Category Archives: The craft

Free Editing Help and the Secret to Great Writing

After I returned from the Northwestern Christian Writers conference in Minnesota, I was inspired and fired up to get back to my book and keep revising. That often happens after a writers conference. I’d taken a bit of a break when summer hit, but the great conversations and knowledgable speakers had me raring to go again. If you’re wondering about attending a conference near you, trust me, it works….

The class I taught at the conference is shared below, a distilled collection of key questions for all writers I called Manuscript CPR. It’s culled from my experience teaching writers how to do macro and micro edits, and it’s basically how to resuscitate a dying manuscript. :) It also just happens to contain the secret to great writing (great editing, duh!), and I believe it’ll help any writer. It did me.

I hope you’ll feel inspired to make significant progress on your meaningful and needed work this week, and all month long. But more than that, I hope you’ll learn to enjoy the process so you can continue writing for years to come.

Keep aiming for the higher purpose,

Mick

Manuscript CPR+

My Writing Process, Step 3: Read 3 Pieces Before You Start

Dear you,

With tons of help and borrowed insight, you’ve been recovering. That’s so good and hopeful. Don’t forget to celebrate! It’s involved relearning compassion for the small things, and it’s been life-changing, as well as a long time coming. Specifically, you now know you started life like so many men, crying. And like too many men, you could die denying it.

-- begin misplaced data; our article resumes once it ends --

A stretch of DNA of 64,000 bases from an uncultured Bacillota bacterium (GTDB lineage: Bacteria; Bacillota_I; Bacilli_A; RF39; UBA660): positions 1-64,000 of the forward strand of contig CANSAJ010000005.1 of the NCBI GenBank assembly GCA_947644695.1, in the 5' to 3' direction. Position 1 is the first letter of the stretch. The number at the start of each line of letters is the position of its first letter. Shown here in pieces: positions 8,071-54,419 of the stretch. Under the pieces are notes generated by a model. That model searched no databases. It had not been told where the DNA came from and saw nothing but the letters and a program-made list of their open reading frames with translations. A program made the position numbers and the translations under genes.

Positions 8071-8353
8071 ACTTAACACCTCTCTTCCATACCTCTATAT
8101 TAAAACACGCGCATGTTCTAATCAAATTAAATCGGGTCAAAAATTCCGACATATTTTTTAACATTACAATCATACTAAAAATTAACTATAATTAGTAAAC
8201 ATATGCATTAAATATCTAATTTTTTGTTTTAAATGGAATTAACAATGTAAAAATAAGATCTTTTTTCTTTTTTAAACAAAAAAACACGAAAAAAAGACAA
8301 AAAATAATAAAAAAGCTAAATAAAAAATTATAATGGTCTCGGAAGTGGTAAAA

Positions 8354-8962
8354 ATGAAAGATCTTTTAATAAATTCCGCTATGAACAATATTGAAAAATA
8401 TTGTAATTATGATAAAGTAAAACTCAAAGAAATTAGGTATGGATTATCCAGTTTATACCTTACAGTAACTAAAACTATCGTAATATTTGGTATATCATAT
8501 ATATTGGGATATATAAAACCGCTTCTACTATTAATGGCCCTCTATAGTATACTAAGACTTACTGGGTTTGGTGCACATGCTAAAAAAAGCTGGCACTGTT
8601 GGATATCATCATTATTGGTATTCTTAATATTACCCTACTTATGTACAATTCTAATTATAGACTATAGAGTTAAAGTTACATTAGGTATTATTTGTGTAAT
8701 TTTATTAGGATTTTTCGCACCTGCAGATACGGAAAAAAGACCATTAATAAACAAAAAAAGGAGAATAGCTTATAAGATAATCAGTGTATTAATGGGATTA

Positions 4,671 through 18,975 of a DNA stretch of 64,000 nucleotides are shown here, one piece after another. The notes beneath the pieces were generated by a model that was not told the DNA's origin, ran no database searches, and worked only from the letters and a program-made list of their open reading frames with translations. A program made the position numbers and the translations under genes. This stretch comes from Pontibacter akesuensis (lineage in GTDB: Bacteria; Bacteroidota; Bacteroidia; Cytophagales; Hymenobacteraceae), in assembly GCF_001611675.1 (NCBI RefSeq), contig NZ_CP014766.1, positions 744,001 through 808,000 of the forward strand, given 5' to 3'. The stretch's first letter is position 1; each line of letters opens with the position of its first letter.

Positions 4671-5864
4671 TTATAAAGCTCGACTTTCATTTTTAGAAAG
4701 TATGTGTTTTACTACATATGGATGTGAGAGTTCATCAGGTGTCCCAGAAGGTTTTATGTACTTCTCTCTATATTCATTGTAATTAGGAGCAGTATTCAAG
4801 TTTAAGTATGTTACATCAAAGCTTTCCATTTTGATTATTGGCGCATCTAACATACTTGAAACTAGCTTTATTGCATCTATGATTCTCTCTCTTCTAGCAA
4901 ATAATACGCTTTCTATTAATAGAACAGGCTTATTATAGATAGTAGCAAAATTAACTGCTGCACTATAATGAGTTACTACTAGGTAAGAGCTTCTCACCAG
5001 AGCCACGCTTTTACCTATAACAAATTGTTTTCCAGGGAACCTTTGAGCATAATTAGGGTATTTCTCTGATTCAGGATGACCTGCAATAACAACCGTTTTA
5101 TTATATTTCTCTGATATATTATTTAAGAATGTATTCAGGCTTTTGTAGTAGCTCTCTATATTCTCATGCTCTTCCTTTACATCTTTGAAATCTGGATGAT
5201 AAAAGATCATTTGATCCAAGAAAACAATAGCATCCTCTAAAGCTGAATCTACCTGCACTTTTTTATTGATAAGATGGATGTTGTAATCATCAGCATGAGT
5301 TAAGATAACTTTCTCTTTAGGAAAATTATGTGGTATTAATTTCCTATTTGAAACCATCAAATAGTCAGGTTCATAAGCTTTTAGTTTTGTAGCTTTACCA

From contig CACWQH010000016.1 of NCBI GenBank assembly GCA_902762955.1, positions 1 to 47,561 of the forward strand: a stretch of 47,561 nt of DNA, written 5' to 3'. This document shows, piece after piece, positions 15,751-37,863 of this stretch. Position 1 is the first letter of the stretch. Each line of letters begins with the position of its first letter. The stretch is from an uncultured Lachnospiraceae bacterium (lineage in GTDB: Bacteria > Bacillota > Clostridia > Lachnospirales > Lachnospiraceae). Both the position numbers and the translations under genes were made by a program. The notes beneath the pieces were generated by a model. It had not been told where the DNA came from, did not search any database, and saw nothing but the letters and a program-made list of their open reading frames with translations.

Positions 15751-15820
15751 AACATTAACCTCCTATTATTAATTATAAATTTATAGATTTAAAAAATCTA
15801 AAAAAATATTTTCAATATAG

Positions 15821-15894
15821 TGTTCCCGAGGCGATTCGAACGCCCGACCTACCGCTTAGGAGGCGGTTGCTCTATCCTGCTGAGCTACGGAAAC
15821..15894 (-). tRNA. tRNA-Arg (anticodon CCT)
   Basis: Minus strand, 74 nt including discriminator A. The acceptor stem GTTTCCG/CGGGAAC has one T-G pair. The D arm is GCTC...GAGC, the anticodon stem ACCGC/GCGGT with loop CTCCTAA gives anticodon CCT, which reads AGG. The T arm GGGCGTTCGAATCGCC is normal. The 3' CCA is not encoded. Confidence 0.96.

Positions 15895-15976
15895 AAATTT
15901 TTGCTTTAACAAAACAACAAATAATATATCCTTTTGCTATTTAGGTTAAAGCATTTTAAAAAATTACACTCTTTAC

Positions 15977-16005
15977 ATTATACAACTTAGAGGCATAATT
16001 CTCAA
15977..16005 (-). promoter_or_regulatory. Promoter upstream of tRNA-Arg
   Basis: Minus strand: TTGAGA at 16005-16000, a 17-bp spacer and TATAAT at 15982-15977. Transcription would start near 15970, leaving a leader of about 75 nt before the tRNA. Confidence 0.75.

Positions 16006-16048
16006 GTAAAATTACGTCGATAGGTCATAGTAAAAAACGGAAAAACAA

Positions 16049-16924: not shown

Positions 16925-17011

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Don’t.

These lessons naturally have required much thinking about your writing process. Which has also led to some deeper questions and considerations. But you’ve fought the nagging urge to rethink everything and undo the progress, and you haven’t tossed the management of the many details of life, which is the whole trick of getting through this better and healthier. Structure is the schedule that creates routines that work well, better, best.

But don’t forget these three simple steps in your process, especially step three.

Step one – to always go back to the start—motive. And regardless of any second thought, set out to return, submitting to what you do know: that you don’t really know where you’re going. Because you can’t.

Like everything, remembering will become easier with practice. But it’s doubtful you’ll ever outgrow the need to be reminded.

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Step two The theme you think you’re capturing isn’t what you’ll end up with. The theme will arise naturally, unhurried. Wait for it and write on.

Both of these steps are about letting go, and so is this one,

Step three – Start your writing day with three pieces of high-quality reading.

There’s no getting around this: if you’re trying to be original, you’ve got to give that up. Choose reading that’ll disabuse you of that too-common notion.

Practically speaking, this is crucial and also the easiest step. Because when you make your choices and you decide to take daily drinks from three life-giving wells, you also giving up being original in your work for the day. You read a bit and you get all kinds of new, useful food on the table to be savored.